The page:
BACKGROUND: The survival rate of infants and children with intestinal failure is increasing, necessitating a greater focus on their developmental trajectory. AIMS: To evaluate neurodevelopmental outcomes in children with intestinal failure at 0-15months corrected age. STUDY DESIGN: Analysis of clinical, demographic and developmental assessment results of 33 children followed in an intestinal rehabilitation program between 2011 and 2014. Outcome measures included: Prechtl's Assessment of General Movements, Movement Assessment of Infants, Alberta Infant Motor Scale and Mullen Scales of Early Learning...
October 2016: Early Human Development
Lai Ling Hui, Hugh Simon Lam, Esther Yuet Ying Lau, Edmund Anthony Severn Nelson, Tze Wai Wong, Richard Fielding
BACKGROUND AND OBJECTIVES: In utero exposure to dioxins and related compounds have been associated with adverse neurocognitive development in infants. It is unclear whether neurodevelopmental deficits persist to childhood. We assessed the association of prenatal dioxin exposure with neurocognitive function in 11-year-old children, and to test whether the association is modified by duration of breastfeeding. METHODS: In this prospective study of 161 children born in Hong Kong in 2002, prenatal dioxin exposure was proxied by the dioxin toxicity equivalence (TEQ) in breast milk collected during the early postnatal period as determined by the Chemical-Activated LUciferase gene eXpression (CALUX) bioassay...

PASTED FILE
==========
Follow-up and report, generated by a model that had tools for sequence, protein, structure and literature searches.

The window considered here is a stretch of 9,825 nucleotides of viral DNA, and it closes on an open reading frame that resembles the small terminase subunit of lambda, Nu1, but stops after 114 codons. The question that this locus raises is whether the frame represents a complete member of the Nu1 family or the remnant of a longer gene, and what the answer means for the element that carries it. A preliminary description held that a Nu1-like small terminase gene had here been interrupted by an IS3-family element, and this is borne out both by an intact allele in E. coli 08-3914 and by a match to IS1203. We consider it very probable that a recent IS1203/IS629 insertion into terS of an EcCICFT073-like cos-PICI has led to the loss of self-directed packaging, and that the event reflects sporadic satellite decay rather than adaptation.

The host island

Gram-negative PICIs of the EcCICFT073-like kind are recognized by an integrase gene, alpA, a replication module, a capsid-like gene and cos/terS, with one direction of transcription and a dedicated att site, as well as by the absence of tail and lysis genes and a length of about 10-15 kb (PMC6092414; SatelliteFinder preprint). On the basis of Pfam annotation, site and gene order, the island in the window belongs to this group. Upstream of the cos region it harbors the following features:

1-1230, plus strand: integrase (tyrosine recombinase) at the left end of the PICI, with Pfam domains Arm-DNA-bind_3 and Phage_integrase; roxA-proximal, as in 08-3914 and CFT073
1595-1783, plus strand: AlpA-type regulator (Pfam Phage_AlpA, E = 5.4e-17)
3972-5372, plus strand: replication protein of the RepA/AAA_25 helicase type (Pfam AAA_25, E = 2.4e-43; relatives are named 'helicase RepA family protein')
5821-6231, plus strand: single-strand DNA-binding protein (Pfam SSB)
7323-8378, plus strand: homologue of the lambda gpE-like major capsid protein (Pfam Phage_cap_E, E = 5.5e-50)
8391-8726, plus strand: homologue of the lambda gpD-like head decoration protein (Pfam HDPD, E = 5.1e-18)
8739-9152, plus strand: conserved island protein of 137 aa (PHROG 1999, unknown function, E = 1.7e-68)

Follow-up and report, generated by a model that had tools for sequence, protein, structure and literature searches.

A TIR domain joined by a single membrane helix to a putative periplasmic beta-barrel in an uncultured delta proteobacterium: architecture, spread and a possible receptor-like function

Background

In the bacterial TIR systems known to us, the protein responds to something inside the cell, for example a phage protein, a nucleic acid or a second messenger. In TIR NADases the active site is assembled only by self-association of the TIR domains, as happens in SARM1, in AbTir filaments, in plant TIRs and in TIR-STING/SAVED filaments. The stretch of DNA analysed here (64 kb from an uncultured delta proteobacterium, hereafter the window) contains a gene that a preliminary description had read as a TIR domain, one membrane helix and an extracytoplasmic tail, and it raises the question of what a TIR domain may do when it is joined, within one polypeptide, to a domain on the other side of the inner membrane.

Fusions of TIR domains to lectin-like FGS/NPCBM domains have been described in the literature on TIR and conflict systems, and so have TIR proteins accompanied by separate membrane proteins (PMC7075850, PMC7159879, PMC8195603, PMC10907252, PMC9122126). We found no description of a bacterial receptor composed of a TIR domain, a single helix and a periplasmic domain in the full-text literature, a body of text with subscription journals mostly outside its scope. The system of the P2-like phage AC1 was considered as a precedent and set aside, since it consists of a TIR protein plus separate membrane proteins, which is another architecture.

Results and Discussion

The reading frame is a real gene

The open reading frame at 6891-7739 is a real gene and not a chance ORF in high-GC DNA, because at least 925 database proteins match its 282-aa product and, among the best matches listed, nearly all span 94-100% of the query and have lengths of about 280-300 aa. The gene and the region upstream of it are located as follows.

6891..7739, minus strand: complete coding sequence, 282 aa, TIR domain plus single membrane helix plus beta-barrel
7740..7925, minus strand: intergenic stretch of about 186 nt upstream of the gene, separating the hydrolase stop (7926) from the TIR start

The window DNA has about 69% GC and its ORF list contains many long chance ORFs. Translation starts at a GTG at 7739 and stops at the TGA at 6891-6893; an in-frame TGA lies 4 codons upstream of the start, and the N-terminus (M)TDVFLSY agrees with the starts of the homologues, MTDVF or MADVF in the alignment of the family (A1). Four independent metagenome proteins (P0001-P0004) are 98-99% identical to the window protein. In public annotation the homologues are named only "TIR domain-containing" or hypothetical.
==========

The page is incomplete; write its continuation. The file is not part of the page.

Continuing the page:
October 2016: Environmental Research
Rebecca J Landa, Joshua L Haworth, Mary Beth Nebel
Children with autism spectrum disorder (ASD) demonstrate a host of motor impairments that may share a common developmental basis with ASD core symptoms. School-age children with ASD exhibit particular difficulty with hand-eye coordination and appear to be less sensitive to visual feedback during motor learning. Sensorimotor deficits are observable as early as 6 months of age in children who later develop ASD; yet the interplay of early motor, visual and social skill development in ASD is not well understood...